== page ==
June 23, 2018
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Windy Forecast

Wind power in Maine, once the darling of both environmentalists and industrial boosters, is now seen more clearly and realistically, as many people around the state see towers and hear turbines whir from their living rooms. Wind turbines will not produce electricity too cheap to meter, as the nuclear power industry once claimed. And even though it does not hold nuclear power’s specter of catastrophic meltdown, wind turbines are not as benign as pine trees swaying in the mountaintop breeze.

Still, wind power holds great promise for Maine and the world, even if that promise is tempered by realistic expectations and some local opposition.

In a recent meeting with the Bangor Daily News’ editorial board, officials from First Wind were pleased to share the results of a survey of 400 randomly selected Mainers conducted last month that showed that 88 percent support wind energy. In November, a similar survey found 90 percent support.

On a local level where projects are proposed, that support may be weaker. Opposition, mostly centered on the sound of the blades turning, should remain a concern to the industry. First Wind officials assert there is no scientific evidence showing the sound causes health problems directly. Still, First Wind concedes that if someone is annoyed by the sound or it disrupts sleep, health problems can follow. It is imperative for the industry to ensure that turbines are far enough from homes to eliminate or mitigate the sound problem, or it risks losing public support.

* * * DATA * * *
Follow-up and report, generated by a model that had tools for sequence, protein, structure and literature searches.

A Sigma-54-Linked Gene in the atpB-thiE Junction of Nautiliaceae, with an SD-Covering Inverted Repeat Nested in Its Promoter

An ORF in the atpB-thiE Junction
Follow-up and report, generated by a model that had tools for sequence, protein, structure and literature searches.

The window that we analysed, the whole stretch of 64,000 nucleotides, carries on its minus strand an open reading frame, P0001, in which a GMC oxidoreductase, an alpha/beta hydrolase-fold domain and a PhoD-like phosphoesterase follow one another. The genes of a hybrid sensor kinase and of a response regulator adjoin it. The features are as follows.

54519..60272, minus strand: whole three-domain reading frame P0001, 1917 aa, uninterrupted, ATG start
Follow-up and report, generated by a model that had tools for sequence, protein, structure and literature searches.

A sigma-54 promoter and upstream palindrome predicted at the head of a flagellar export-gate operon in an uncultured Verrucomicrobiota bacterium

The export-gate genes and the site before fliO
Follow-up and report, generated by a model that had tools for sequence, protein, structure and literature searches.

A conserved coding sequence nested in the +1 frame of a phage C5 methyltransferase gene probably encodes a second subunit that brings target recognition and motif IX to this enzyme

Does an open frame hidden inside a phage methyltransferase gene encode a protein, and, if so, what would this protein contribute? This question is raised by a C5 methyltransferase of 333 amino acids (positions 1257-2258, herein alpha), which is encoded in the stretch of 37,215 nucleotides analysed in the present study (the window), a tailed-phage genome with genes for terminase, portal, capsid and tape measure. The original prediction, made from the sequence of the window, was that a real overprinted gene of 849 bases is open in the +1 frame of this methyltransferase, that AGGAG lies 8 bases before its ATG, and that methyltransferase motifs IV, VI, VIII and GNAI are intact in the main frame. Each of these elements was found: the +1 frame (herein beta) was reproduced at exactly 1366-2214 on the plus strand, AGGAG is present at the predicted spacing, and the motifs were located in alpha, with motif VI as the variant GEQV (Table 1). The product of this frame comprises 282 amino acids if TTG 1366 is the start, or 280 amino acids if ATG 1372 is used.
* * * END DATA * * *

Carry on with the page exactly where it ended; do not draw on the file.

First Wind bristles at critics who claim the industry is reaping generous tax incentives, and that the sale of power is not self-sustaining. Executive Vice President and CFO Kurt Adams notes that fossil fuels are subsidized to the tune of $13.7 billion annually. Tax credits for wind power are scheduled to run out in 10 years. Any new technology, whether it is laptop computers or DVD players, face big startup costs. With the potential to replace a portion of the nation’s fossil fuel portfolio, government is correct in underwriting part of that cost. Not only is wind power carbon-neutral, but it also allows energy dollars to stay in the state and country.

First Wind also objects to the characterization that construction and installation of wind turbines creates only temporary jobs. Mr. Adams notes that Reed & Reed contractors of Woolwich now counts wind power construction as 75 percent of its business; just as bridge repair jobs are “temporary,” they are an important economic driver, he said.

A string of wind turbines in your town doesn’t equate to an electricity discount, just as Wiscasset residents didn’t get free electricity when Maine Yankee was operating. But First Wind notes that wind power in Maine means Bangor Hydro and Central Maine Power customers will see at least $20 million in rate savings.

Wind power is not a savior, but it is part of the solution that will help carry the nation through the long, painful transition away from fossil fuel. That perspective should color debate on how and where it is implemented.

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